My Third Rule of Programming

While cross-posting here some comments I had written last year on the Wayland STEM site, I saw that I had written about my first two rules of programming. I left out the third rule.

The third rule of programming is simple:

If it takes you more than three sentences to describe to me why it works, it doesn’t.

This is a powerful rule. When someone is droning on about how their design can’t fail, you can just stop listening. It will fail, and probably fail catastrophically.

Remember the Titanic with the waterproof bulkheads? The designers could show that even when a compartment was filled with water, the ship would float. Even with several compartments flooded, the ship had enough buoyancy to remain above the water. It was designed to be absolutely unsinkable … until the hull plates riveted over three adjacent compartments were ripped out by an iceberg. Even then it floated … but the balance of the ship was off, water poured over the top of the watertight doors … and the ship filled with water like it was flowing from one hole to another in an ice cube tray.

Almost always, somewhere in the explanation the phrase “will never happen” appears.

May I tell a story?

When I was a new engineer at Intermetrics, Inc. in Cambridge, Massachusetts, my boss, Dr. James S. Miller, Jim, told me a story about a design session involving the Apollo guidance computer. I suggest reading the WikiPedia article on the Apollo Guidance Computer. The article describes a problem encountered during the Apollo 11 Lunar descent, when the guidance computer was overloaded. Jim was at the table during a design review. The software was too big, and they were looking for instructions to remove to make space. Some engineers were suggesting that the operating system code to cancel low-priority tasks was unneeded, since they had analyzed everything that could happen during every phase of the mission and were certain that there could not be a case where the computer would be overloaded. By removing that code, other important functions could be added, saving time, cost, and probably weight as well. One man, perhaps Dr. Woodrow Vandever, another former Apollo manager and member of this small company, refused to let the team take the simple approach, even though there was stack of paper proving it would work.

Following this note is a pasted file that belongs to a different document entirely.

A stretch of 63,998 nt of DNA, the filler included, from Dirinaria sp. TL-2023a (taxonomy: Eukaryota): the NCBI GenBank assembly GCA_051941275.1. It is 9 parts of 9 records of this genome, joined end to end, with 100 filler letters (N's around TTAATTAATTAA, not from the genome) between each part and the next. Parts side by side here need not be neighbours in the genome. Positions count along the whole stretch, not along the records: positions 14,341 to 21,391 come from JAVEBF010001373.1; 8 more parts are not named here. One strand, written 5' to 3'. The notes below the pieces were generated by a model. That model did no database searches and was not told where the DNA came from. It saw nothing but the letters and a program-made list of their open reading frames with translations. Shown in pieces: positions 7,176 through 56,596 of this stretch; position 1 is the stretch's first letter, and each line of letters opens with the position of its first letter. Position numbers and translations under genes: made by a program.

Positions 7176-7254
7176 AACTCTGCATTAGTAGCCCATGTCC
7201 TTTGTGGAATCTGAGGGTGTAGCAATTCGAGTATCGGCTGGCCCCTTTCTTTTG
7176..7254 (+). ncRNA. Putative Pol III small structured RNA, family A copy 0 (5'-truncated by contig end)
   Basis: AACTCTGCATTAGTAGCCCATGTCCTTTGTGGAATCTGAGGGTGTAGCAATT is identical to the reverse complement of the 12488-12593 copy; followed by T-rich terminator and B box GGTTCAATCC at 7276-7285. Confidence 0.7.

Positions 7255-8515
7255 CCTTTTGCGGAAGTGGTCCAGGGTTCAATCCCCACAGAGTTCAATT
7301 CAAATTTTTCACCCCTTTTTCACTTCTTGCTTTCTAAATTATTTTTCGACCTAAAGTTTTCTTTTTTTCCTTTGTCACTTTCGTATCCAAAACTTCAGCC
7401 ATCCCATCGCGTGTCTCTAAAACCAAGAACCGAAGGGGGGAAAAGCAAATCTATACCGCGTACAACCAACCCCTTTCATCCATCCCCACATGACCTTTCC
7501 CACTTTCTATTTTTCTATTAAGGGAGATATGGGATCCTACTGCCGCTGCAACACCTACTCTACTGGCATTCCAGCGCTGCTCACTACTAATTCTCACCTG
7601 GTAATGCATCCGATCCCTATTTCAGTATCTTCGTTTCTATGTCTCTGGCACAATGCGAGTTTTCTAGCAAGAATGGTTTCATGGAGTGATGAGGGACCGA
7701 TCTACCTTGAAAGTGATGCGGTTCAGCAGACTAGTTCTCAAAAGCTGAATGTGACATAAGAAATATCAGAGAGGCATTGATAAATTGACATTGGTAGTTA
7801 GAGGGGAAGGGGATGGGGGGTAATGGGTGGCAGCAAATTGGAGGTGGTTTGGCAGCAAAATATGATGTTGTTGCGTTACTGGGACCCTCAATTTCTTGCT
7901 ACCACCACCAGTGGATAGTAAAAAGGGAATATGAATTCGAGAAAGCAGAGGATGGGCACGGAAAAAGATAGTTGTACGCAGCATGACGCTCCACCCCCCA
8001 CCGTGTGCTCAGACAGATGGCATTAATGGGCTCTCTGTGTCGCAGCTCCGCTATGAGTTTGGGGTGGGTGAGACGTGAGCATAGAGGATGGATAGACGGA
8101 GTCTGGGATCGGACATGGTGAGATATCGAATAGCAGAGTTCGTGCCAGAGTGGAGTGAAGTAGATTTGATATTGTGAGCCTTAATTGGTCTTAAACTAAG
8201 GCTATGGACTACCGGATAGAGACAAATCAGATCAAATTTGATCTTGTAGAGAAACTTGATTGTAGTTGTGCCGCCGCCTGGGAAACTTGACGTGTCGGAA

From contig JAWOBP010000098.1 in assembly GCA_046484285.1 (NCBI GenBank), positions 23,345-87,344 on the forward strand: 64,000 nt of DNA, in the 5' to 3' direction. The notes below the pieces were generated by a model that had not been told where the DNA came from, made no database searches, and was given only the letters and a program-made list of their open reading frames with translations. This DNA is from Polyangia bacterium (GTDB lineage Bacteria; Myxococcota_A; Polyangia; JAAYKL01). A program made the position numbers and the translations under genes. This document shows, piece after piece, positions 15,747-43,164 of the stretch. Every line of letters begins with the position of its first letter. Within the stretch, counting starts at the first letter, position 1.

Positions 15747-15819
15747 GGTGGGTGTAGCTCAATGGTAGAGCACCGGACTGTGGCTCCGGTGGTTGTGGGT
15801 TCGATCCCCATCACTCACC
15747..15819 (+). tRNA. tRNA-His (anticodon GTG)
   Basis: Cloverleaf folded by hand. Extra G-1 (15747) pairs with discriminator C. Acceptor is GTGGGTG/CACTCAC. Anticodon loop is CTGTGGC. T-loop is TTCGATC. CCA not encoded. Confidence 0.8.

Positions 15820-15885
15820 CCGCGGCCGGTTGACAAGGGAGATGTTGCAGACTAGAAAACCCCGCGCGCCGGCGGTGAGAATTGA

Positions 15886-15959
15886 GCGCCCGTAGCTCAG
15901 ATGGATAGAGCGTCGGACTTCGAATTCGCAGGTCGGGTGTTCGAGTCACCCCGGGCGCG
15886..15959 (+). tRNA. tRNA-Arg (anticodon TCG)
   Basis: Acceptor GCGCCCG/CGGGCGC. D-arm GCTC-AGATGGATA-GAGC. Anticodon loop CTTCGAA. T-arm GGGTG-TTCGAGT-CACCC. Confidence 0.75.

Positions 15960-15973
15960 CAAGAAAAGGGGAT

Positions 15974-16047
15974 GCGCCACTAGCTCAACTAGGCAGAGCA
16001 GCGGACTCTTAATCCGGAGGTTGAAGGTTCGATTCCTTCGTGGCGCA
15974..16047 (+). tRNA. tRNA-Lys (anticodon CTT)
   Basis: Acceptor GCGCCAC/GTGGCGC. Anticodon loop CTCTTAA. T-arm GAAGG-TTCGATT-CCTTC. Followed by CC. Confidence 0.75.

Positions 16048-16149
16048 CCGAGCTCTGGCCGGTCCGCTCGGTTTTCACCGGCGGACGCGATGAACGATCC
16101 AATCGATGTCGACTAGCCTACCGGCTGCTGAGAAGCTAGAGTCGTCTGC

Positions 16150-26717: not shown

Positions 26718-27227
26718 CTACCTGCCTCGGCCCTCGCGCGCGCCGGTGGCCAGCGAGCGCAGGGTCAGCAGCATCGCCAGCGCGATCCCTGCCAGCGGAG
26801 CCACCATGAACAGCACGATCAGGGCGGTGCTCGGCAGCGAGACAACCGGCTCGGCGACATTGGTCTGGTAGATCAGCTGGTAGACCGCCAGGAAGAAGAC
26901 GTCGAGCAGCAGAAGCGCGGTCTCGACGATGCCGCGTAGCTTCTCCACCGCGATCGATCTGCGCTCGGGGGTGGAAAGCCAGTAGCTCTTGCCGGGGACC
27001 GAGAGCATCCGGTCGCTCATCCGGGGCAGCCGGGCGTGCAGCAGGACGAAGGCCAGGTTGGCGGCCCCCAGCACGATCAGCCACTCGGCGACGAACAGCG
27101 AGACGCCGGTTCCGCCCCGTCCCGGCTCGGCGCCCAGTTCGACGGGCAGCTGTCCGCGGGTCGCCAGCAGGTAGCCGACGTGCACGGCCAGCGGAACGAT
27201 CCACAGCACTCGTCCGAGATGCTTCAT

As the WikiPedia article describes in the section titled “PGNCS trouble”, an unexpected, unanticipated, but completely explainable condition developed. The computer was overloaded, but the unnecessary, wasted code shed processor load. The critical, real-time functions were executed on schedule. The mission succeeded. NASA, with their amazingly complete and persuasive analysis, had almost believed their lengthy analysis enough to destroy the mission.

From this story, and endless rationalizations for why one engineer or another didn’t want to do the right thing and simplify a problem until it was solved, I stumbled on this rule of explanation.

There are several ways to justify this rule, and I try to not fall victim of this same rule in describing why the three sentence rule works. Of course, that would be an interesting paradox: If rule takes more than three sentences to explain, it must not work. But if the three sentence rule is invalid, then it is permitted to use more than three sentences to prove it. Once proven, it must be proven in three sentences or be invalid. Godel would have loved this.

First justification, in three sentences:

Each sentence defines a string of contingent assumptions. Each assumption can be wrong. The probability of all assumptions being right is near zero.

Second justification, in one sentence:

When you explain with many sentences, only one needs to be wrong.

Third justification, in four words:

Each word invites Murphy.

— Carl

BTW, there is a rich record of engineering tales from Apollo available on the web. The Report of Apollo 13 Review Board (referenced here as a web-reconstructed document) is a long but glorious read for anyone interested in failures, successes, management processes, engineering techniques, materials science, or detective stories.

Also, for those interested in more details of the Apollo-13 guidance software, especially the operating system design, read this report.